From the moment those velvet curtains are lifted and we descend into the painfully idyllic suburbs, it is clear that David Lynch’s Blue Velvet (1986) will make for uncomfortable viewing.
A slight pitch-shift in Bobby Vinton’s rendition of the titular song alongside slow motion, Rockwell infused postcard images seem to instantly transcend notions of tranquil suburban utopia and begin to resemble something creepy, something unnatural, or as protagonist Jeffery Beaumont would put it, “something that was always hidden”.
Lynch’s depiction of the fictional suburban town of Lumberton wastes no time in delving beneath the surface, quite literally, as the camera leads us below the beautiful green grass to dwell amongst the insects, now magnified and monstrous. These insects consistently permeate the world within Blue Velvet, becoming a recurring motif for the infestation and perversion of suburban paradise and the nuclear family. It is, of course, an ant-infested severed ear that leads young college student Jeffery Beaumont (Kyle MacLachlan) to the troubled and mysterious nightclub singer, Dorothy Vallens (Isabella Rossellini) and her hidden domestic nightmare involving kidnap, abuse and sadomasochistic extortion.
Jeffrey’s unwavering curiosity and child-like excitement over coming across a real mystery in his own backyard gives way to voyeuristic peeping and a traumatised innocence as he unwittingly becomes part of Lynch’s alternate nuclear family. This could be seen as subverting a stereotypical suburban mystery of what goes on behind closed doors through the use of bizarrely savage visual motifs and its willingness to explore the more depraved end of the spectrum of human desire.
In subverting the picture perfect stagnancy of Lumberton, Lynch presents his audience with a sinister and vulgar union in the relationship between Dorothy and her prisoner, Frank Booth (Dennis Hopper). Frank has kidnapped Dorothy’s husband and son, using her to fulfil his cruel and sadistic Oedipal sex fantasies, often referring to her as “Mommy”.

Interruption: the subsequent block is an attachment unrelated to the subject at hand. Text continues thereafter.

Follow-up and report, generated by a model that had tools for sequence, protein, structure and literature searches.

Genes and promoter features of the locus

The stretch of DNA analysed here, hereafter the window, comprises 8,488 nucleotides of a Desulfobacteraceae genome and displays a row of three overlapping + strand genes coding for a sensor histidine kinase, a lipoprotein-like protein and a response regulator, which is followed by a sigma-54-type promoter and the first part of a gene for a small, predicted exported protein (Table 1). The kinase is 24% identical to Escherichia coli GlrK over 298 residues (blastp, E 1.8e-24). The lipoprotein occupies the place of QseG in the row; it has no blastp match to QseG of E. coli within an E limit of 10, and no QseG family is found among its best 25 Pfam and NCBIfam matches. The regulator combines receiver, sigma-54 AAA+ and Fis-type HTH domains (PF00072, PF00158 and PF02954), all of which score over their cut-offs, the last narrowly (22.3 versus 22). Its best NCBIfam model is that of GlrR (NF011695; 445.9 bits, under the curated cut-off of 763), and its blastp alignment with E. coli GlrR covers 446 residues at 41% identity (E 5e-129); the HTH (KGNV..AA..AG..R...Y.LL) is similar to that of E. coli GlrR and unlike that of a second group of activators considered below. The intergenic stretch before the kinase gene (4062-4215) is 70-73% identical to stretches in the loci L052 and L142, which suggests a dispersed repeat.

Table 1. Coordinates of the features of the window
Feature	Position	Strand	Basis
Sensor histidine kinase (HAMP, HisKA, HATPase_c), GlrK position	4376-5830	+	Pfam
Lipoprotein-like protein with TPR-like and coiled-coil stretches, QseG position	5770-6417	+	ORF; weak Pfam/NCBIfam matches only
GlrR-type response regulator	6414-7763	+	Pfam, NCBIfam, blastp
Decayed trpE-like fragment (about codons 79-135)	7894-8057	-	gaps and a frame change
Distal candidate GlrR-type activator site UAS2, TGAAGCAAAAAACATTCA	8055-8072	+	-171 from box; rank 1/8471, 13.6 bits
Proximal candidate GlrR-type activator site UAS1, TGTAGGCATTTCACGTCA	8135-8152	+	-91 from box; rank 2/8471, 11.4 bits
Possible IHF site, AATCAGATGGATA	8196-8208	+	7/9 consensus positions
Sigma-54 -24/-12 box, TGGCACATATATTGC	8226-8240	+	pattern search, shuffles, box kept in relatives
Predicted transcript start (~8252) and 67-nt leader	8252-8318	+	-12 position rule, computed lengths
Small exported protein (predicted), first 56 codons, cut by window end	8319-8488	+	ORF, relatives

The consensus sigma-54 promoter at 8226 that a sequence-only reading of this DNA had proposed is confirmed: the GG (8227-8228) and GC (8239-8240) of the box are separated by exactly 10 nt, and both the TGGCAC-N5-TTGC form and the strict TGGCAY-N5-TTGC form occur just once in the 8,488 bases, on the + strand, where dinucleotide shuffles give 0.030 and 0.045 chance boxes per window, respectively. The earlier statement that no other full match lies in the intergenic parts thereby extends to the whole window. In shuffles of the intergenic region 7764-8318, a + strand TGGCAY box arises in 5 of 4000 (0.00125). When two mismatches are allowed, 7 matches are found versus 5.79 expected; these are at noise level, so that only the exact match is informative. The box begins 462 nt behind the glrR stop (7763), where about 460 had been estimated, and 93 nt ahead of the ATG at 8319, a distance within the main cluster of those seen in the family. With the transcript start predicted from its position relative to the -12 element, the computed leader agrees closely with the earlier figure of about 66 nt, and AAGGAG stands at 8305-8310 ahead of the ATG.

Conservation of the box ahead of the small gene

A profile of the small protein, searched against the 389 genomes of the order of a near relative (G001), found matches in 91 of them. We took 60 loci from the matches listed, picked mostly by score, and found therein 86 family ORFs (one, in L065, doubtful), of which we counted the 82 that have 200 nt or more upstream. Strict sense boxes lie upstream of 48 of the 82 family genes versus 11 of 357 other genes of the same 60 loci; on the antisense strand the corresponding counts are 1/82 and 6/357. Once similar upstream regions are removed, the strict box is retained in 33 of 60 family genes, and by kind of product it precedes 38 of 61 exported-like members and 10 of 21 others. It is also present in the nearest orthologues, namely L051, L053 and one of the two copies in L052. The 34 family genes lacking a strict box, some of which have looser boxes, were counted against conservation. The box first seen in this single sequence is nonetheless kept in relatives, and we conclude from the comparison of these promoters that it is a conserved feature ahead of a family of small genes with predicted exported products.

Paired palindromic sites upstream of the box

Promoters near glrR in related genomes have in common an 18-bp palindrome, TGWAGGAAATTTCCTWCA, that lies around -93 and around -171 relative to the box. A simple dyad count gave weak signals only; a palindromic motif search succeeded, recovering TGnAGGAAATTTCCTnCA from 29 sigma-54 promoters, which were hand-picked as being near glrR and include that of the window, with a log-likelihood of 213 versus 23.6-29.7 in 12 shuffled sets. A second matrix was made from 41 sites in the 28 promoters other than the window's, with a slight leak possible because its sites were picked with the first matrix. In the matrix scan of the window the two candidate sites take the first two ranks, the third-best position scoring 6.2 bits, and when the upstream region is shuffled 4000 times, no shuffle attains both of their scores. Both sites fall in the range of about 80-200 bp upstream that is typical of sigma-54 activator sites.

Watching through the cracks of the closet like a naughty child, Jeffery is exposed to a new kind of perversion in a man so utterly depraved and evil that his traits seem to lie beyond any sense of reason or rationality. The further we go beneath the surface, the more we discover. In the case of Blue Velvet, we drift further and further away from the safe realistic normality of white picket fences, friendly neighbours and happy families. The film presents us with these images, only to pervert each element through its presentation of unsavoury, voyeuristic curiosity, absurd character actions, sexual abuse and inhumane evil.
Although the film maintains many surreal Lynchian motifs, post-modern characteristics, dark humour and horror, it manages to allow Lynch’s inherent Boy Scout innocence (being an Eagle Scout in his childhood clearly had an impact on his probing fascination with nature) to triumph. As Jeffery’s innocence is increasingly compromised, the familiar clichés within his blossoming relationship with the police chief’s daughter Sandy (Laura Dern) seem to remind audiences, and at times the characters themselves, that there is still light to match the overbearing darkness.
Sandy is presented as your typical happy-go-lucky high school sweetheart, who endures Jeffery’s moral decay and saves him from the hideous underbelly of the suburban dream, where sex is torture, rationality is non-existent and law enforcement is compromised.
This is most apparent in the scene in which Sandy comforts a shocked and disturbed Jeffery by recalling a dream involving robins bringing light and love when there seemed only to be darkness. And she really believes in it too. It’s easy to label such dialogue as ironic in a film as dark as Blue Velvet, yet the message is so sincere that we are almost blinded by its light.
We are almost assaulted with Sandy’s sincerity by the end of the film when our attention is shifted toward a (quite clearly stuffed) robin, happily perched on a tree branch and chewing on a bug on a bright and beautiful day. The robin is indeed fake, (keeping in tune with the relayed postcard suburban tropes from the film’s opening) yet the sentiment moderates the façade as Dorothy Vallens sings, “And I still can see Blue Velvet through my tears…” The camera drifts back up into the clear blue sky, out of this dream town, and the curtains descend. Much like Jeffery, we’re allowed a glimpse into the nightmarish underbelly of the suburban dream before Lynch closes the curtains on us.